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Weather Service faces backlash after launching ‘slow,’ ‘unusable’ radar website

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Last week, the National Weather Service launched its first new website for radar imagery since the early 2000s, touting it as a “major upgrade.” The public did not see it that way.

“Horrible,” “really low quality work,” “very very buggy,” “unusable,” “absolutely terrible,” “not ready for public release,” “garbage” and “the worst” represent a sample of complaints from users on social media since the site went live.

The new radar website, which shows where it’s raining and snowing across the United States, along with other radar products, was intended to be an improvement from the legacy site, boasting a “load of new features,” according to the Weather Service.

“It displays radar images more frequently and at four times higher resolution than our previous site, shows radar imagery layered with weather watches and warnings on a dynamic map that allows zooming and scrolling, offers more radar data than before in an interactive, mobile-friendly format, and provides radar data in a more flexible GIS format,” Susan Buchanan, a Weather Service spokeswoman, said in a statement.

Many free weather apps, as well as more feature-packed paid radar apps, have had such capabilities for years, but this is the first time the Weather Service has rolled out something like this new site.

Buchanan said that the radar site was beta tested for 90 days and that public comments were incorporated before Friday’s launch.

But the common refrain in initial reviews is that the site is a step backward from its simpler predecessor.

“The new NOAA site is the ‘New Coke’ of the weather business,” wrote Steve Thompson, who previously worked as a traffic reporter for WTOP, a radio news station in Washington, D.C. “They abandoned an excellent product the users liked, tried to create something new, abysmally failed and went live with it anyway.”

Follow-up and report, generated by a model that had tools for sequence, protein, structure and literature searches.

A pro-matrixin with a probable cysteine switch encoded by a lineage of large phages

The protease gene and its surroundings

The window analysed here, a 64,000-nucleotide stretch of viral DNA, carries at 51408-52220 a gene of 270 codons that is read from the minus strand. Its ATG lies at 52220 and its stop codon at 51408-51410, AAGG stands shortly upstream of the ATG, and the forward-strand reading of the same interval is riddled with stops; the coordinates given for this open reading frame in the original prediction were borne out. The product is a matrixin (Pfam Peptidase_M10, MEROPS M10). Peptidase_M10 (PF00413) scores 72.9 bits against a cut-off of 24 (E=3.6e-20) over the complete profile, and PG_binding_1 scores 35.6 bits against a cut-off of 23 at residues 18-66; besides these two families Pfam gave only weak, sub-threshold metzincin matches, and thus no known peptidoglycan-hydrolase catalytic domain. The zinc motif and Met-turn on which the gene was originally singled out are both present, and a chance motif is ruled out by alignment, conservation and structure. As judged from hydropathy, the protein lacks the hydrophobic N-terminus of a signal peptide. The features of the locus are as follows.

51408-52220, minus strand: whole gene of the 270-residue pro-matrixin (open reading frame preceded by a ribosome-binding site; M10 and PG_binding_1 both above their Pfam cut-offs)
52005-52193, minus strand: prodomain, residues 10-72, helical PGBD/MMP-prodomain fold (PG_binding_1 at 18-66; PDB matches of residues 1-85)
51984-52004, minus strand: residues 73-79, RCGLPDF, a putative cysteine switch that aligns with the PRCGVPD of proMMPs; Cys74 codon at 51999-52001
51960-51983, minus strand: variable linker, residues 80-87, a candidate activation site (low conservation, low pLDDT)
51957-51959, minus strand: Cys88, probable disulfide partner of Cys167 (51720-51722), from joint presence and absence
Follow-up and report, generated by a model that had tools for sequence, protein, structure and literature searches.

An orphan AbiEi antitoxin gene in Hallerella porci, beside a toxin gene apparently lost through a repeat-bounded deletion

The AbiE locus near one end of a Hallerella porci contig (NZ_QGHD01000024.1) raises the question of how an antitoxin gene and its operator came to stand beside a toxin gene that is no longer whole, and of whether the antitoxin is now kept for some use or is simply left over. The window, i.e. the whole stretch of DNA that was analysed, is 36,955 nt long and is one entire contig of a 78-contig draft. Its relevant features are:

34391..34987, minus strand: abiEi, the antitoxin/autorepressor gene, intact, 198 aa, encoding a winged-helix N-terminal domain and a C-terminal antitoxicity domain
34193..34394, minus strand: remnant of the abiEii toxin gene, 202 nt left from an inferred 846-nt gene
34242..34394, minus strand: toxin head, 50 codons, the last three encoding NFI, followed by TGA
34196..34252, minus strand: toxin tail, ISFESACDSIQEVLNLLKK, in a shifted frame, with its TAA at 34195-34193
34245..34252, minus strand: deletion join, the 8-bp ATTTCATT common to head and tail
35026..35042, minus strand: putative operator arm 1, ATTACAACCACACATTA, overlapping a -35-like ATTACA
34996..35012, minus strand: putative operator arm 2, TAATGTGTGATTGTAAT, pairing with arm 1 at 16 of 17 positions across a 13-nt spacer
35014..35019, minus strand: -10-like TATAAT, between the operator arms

Thompson, in an email, said that because of his troubles operating the new Weather Service site, he will now rely on MyRadar, a commercial weather smartphone app. Many people on social media said the new website was forcing them to look elsewhere for radar imagery.

Neil Jacobs, the acting head of the National Oceanic and Atmospheric Administration, which oversees the Weather Service, wrote in an email that a core problem is that the Weather Service is running this radar product on its own hardware rather than through cloud service providers such as Amazon Web Services, Microsoft and Google Cloud, which “can easily handle the bandwidth."

“I’ve demanded in writing that NWS transition these applications ... to our Cloud partners,” he wrote. “It’s part of an internal strategy I’ve laid out.”

But this transition has yet to begin for the Weather Service’s radar products, which Jacobs said are relying on 2005 technology.

From sluggishness to a challenging interface to incompatibility with certain Web browsers, social media critiques highlight a litany of issues with the website’s performance:

  • “It’s a horrific user experience. Animations unusable, transparent overlays difficult to map to color scale, needs SO many things,” tweeted Dan Masi, an engineer in homeland security.
  • “The new interface does not work sufficiently with Chrome/Safari,” tweeted Zack Labe, a postdoctoral climate researcher at Colorado State University.
  • “It’s … literally unusable. It’s so slow and glitchy I just gave up,” tweeted Daniel Swain, a professor of atmospheric science at the University of California at Los Angeles.

The Capital Weather Gang confirmed many of these issues in its own testing of the site. For example, it took about 30 seconds for the national radar to display Monday afternoon. When refreshing the page, sometimes the radar would display, but other times just a blank map appeared. Navigating the site, particularly between local and national radar views, is not intuitive.